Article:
Winners 2010

Winners 2010


Here you can see the winner photos of EuroNatur's Photography Competition 2010. We thank all photographers for participating. Please try again! We would be very happy to receive many first-class photos again next year.

Click on the photo to enlarge.


© Gunther Willinger
© Gunther Willinger

The twelve awarded photographs decorate the Euronatur-Calendar 2011 in large format and supreme printing quality. You can order the calendar now exclusively at the EuroNatur-Shop - it will be in stock from September 2010.  

EuroNatur-Shop


Common Ravens Courting

© Willi Rolfes
© Willi Rolfes

1st price: Willi Rolfes

The Common Raven starts courting already in the late winter.  Courting of the pairs is especially characterized by joint aerial displays; they use the ascending air current to shoot up, sail and to perform audacious aerial acrobatics. But the mutual care of their plumage, exchanging caresses with their bill and mutual feeding are also part of their courting habits.


Grass snake

© Heinz Buls
© Heinz Buls

2nd price: Heinz Buls

In a pond in Rothtal/Bavaria, this well-camouflaged Grass Snake is waiting in the duckweeds for frogs, its favourite prey.


Marbled White

© Andreas Böhling
© Andreas Böhling

3rd price: Andreas Böhling

The Marbled White butterfly can be found in unimproved grasslands such as speciose flower fields, outskirts of forests and embankments. Due to the intense use of land, its habitat has constantly diminished during the past years.


Top of the valley at Vøringsfossen, Norway

© Rainer Mirau
© Rainer Mirau

4th price: Rainer Mirau

Vøringfossen is one of the highest waterfalls and one of the most visited nature attractions in Norway. The falls are 183 m high. Being used for electric power during production during winter, its full height of fall can only be admired in the summer.


Display flight of two White-tailed Eagles

© Juan Carlos Munoz
© Juan Carlos Munoz

5th price:  Juan Carlos Munoz

What appears to be a fight between life and death, in reality is the beginning of a lifelong and loyal partnership. During courtship, the pairs impress with breakneck aerial acrobatics, alternating between joint circling, nose diving and playful collisions.


Starlings

© Hans-Martin Braun
© Hans-Martin Braun

6th price: Hans-Martin Braun

Starlings are highly sociable birds, associating in flocks throughout the year, sometimes forming huge flocks. Before frequenting their roosting site, they usually gather on exposed locations such as trees or power lines before proceeding in flocks of varying sizes to their actual roost.


Rock Ptarmigan

© Bertrand Muffat
© Bertrand Muffat

7th price:  Bertrand Muffat Joly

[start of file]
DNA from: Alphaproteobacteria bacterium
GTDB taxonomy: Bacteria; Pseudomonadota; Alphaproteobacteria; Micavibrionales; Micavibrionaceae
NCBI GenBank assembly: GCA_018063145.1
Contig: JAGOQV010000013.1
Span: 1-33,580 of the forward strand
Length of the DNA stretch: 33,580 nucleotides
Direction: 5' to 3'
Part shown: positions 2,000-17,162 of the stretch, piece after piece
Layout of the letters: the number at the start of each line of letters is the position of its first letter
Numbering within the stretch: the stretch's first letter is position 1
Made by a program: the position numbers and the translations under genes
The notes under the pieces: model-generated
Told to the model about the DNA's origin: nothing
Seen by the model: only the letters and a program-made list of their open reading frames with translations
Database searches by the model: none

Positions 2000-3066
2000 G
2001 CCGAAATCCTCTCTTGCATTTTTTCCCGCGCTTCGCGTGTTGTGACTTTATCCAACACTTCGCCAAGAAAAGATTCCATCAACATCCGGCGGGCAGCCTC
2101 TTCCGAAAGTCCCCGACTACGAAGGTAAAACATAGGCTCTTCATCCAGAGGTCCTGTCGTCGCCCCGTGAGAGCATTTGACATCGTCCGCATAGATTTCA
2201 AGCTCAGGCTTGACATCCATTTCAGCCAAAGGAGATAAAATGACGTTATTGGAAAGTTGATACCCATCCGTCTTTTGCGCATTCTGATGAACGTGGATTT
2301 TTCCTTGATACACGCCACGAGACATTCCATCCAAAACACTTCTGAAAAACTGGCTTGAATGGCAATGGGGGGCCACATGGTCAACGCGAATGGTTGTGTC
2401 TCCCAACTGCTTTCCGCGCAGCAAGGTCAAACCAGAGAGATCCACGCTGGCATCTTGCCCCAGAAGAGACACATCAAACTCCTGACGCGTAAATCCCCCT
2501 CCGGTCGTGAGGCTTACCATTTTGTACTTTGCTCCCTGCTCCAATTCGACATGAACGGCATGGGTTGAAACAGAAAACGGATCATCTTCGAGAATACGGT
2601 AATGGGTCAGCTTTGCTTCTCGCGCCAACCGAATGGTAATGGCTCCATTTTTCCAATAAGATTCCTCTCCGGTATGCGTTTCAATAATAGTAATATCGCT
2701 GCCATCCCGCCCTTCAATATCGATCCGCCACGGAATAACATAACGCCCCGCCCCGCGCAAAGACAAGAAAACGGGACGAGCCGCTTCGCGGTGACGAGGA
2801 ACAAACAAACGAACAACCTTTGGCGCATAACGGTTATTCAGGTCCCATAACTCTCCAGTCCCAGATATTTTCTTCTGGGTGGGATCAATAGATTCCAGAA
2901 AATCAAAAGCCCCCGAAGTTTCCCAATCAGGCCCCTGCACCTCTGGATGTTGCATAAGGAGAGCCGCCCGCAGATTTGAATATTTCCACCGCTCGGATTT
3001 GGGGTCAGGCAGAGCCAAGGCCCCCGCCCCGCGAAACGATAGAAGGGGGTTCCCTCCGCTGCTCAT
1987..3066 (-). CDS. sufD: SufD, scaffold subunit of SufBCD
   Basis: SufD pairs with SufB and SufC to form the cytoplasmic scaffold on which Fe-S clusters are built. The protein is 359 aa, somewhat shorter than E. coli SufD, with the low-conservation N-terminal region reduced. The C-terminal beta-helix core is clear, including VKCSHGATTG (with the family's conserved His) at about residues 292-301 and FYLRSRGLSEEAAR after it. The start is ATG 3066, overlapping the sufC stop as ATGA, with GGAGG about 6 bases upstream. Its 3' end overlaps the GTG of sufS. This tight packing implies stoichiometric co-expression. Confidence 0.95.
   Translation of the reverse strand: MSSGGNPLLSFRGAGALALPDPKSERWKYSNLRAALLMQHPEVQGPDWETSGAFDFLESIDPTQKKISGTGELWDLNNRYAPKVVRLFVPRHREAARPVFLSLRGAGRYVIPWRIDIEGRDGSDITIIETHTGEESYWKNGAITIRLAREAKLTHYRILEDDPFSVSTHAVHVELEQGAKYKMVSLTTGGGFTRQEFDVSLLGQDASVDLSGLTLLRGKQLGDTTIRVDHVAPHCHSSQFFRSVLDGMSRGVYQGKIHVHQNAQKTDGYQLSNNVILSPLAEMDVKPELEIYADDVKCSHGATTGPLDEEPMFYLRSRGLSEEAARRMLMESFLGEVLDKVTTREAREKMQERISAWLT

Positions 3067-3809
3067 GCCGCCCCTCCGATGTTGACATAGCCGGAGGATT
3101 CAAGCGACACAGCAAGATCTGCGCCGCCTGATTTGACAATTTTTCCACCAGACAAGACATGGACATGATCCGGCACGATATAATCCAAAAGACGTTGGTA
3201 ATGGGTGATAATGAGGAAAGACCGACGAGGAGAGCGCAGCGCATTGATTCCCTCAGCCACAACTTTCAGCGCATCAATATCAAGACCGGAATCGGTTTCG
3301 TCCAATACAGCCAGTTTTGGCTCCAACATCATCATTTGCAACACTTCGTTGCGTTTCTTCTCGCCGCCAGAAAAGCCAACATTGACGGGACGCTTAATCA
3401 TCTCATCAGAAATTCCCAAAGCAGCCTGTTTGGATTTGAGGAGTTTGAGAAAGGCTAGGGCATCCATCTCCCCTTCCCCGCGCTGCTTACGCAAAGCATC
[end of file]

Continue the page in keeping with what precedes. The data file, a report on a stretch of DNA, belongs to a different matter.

Perfect camouflage: the Rock Ptarmigan adapts to the season by moulting its feathers; in winter, its plumage is snow-white, perfectly adapting to its habitats in the Alps and in Northern Europe, where winters are still long and snowy.


Eurasian Red Squirrel

© Massimo Bottoni
© Massimo Bottoni

8th price:  Massimo Bottoni

Red squirrels have perfectly adapted to their life on trees. Their strong and disproportionately long hind legs provide an excellent bounce, enabling them to jump from tree to tree with up to four meters long leaps.


Juvenile Little Owl in Sunflower Field

© Franco Sala
© Franco Sala

9th price:  Franco Sala

This young Little Owl is certainly not interested in the crispy sunflower seeds. His favourite preys are insects, mice, small birds, amphibians and reptiles.


Death's-Head Hawkmoth Larva

© Nicolas Chalwatzis
© Nicolas Chalwatzis

10th price: Nicolas Chalwatzis

Larva of a Death's-Head Hawkmoth in its final instar before pupating. It is characterized by the black-coloured mandibles, the blue and purple pattern on the upper side of its abdomen, and the yellow, downward-curved and tail horn.


Cub with female brown bear

© Berndt Fischer
© Berndt Fischer

11th price:  Berndt Fischer

Together with his mother, this cub benefits from the midnight sun to search for food in the Taiga forests of Finland. In the Finnish forests, brown bears still live in the wild.


Bearded Tit

© Heinz Buls
© Heinz Buls

12th price: Heinz Buls

Bearded Tits are easy to identify due to their orange-brown colour and long tail. Large reed beds are their preferred habitat; that's why their population in Europe is very fragmented. Larger populations can still be found in Central Europe at the coasts of the North Sea and the Baltic Sea, at Lake Neusiedl in Austria and "Wollmattinger Ried" at Lake Constance.

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See the winning pictures of previous years

Winner 2017

See the winner photos of the photography competition "Europe's Nature Treasures 2017".

Winner 2016

See the winner photos of the photography competition “Europe’s Nature Treasures 2016”.

Winner 2015

See the winner photos of the photography competition “Europe’s Nature Treasures 2015”.

Winner 2014

See the winner photos of the photography competition “Europe’s Nature Treasures 2014”.

Winner 2013

See the winner photos of the photography competition “Europe’s Nature Treasures 2013”.

Winner 2012

See the winner photos of the photography competition “Europe’s Nature Treasures 2012”.

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